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Business

Ajinomoto decentralizing overseas ops

TOKYO -- Japanese cuisine's growing popularity overseas is creating favorable business conditions for food makers. Companies such as Ajinomoto often face big hurdles to overseas expansion because culinary cultures vary from nation to nation.

Masatoshi Ito

     In a recent interview with The Nikkei, Ajinomoto President Masatoshi Ito discussed his company's strategy for marketing of his company's products overseas.

Q: Japanese cuisine was recently added to Unesco's Intangible Cultural Heritage list. Did this create new business opportunities for you?

A: It has certainly created tailwind for our business in industrialized nations. In the U.S. and Europe, ramen is very popular, as well as more traditional Japanese cuisine. Sales of our Japanese seasoning products, such as dashi broth, for restaurants and other food businesses, are growing. We are also promoting gyoza (Chinese-style dumplings) as part of Japanese food culture and sales of our frozen gyoza products are increasing in the U.S.

Q: Your overseas sales surpassed domestic sales for the first time in fiscal 2013. Do you plan to further expand global operations?

A: We have put strategic priority on five countries -- Thailand, Vietnam, the Philippines, Indonesia and Brazil. Our goal is to double or triple our sales in these countries by fiscal 2020. We will give our local units more decision-making power to accelerate product development cycles.

     We will raise significantly the maximum amount of investment overseas units are allowed to make on their own from the current level of about 2 billion yen ($18.7 million). We hope somewhere other than Japan is our top-selling country by fiscal 2020.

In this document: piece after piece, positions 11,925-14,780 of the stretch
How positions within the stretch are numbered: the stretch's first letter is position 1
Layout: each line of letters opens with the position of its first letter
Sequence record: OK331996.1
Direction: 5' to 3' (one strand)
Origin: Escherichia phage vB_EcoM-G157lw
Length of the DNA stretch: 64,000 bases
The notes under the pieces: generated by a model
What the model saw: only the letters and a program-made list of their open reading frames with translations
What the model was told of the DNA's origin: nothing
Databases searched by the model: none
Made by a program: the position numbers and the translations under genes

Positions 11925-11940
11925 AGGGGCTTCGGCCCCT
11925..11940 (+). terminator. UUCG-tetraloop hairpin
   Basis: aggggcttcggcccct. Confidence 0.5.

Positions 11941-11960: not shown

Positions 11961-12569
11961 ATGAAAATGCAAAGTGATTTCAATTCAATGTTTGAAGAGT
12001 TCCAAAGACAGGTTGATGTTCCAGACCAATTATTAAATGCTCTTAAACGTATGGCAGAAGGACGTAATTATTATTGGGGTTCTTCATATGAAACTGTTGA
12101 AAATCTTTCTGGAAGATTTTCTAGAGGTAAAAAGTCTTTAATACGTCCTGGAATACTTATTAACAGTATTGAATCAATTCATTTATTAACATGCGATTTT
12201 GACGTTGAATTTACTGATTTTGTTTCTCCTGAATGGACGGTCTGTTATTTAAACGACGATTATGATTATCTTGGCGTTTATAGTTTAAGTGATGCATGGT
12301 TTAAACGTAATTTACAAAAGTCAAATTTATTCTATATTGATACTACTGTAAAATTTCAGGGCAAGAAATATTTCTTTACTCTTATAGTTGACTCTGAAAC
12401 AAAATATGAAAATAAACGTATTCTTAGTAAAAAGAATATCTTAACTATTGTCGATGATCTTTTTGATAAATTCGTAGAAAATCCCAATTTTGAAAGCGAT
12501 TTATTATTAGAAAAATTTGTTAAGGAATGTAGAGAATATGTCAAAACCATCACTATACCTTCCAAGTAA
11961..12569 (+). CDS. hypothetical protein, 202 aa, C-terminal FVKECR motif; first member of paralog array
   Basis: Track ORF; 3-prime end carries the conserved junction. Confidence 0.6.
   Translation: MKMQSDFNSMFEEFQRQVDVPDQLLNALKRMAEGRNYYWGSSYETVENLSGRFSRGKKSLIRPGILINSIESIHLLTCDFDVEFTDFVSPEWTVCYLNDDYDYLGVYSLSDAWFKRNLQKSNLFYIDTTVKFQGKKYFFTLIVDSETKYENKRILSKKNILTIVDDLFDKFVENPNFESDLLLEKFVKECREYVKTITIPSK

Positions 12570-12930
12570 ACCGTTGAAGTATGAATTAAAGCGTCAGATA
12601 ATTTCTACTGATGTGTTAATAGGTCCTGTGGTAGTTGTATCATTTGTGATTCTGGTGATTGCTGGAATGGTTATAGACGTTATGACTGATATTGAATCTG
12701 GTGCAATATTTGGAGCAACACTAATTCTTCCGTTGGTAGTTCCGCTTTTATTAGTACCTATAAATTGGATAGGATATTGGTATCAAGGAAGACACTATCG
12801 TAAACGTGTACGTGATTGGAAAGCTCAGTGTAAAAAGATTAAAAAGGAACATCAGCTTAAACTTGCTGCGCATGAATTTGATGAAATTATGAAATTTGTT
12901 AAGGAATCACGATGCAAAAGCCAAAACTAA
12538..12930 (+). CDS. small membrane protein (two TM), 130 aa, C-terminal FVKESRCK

Q: You accompanied Prime Minister Shinzo Abe on his recent Latin American tour, along with other business executives. How was that?

A: When I visited Sao Paulo, I sensed the kind of excitement about economic growth that we feel in Southeast Asia.  We have been in Brazil for about six decades, and our seasonings for microwave food are widely accepted by health-conscious consumers. The Brazilian market for seasonings will soon overtake Japan's.

Q: Japanese food makers lag behind automakers and electronics manufacturers in expanding abroad.  Why?

A: Carmakers generally decide to expand into an overseas market when the country's per-capita gross domestic product has reached a certain level. That approach doesn't work for food makers. We need to start marketing our products long before a country becomes rich to get our products widely accepted over the long term in any given country. That's tough. 

Q: The weakening yen has improved the profitability of Japanese companies' overseas operations. Do you also feel the benefits?

A: We don't congratulate ourselves when overseas earnings improve thanks to foreign exchange effects. We always seek to boost the earnings of our overseas units on a local currency basis.

Interviewed by Nikkei staff writer Rei Nakafuji

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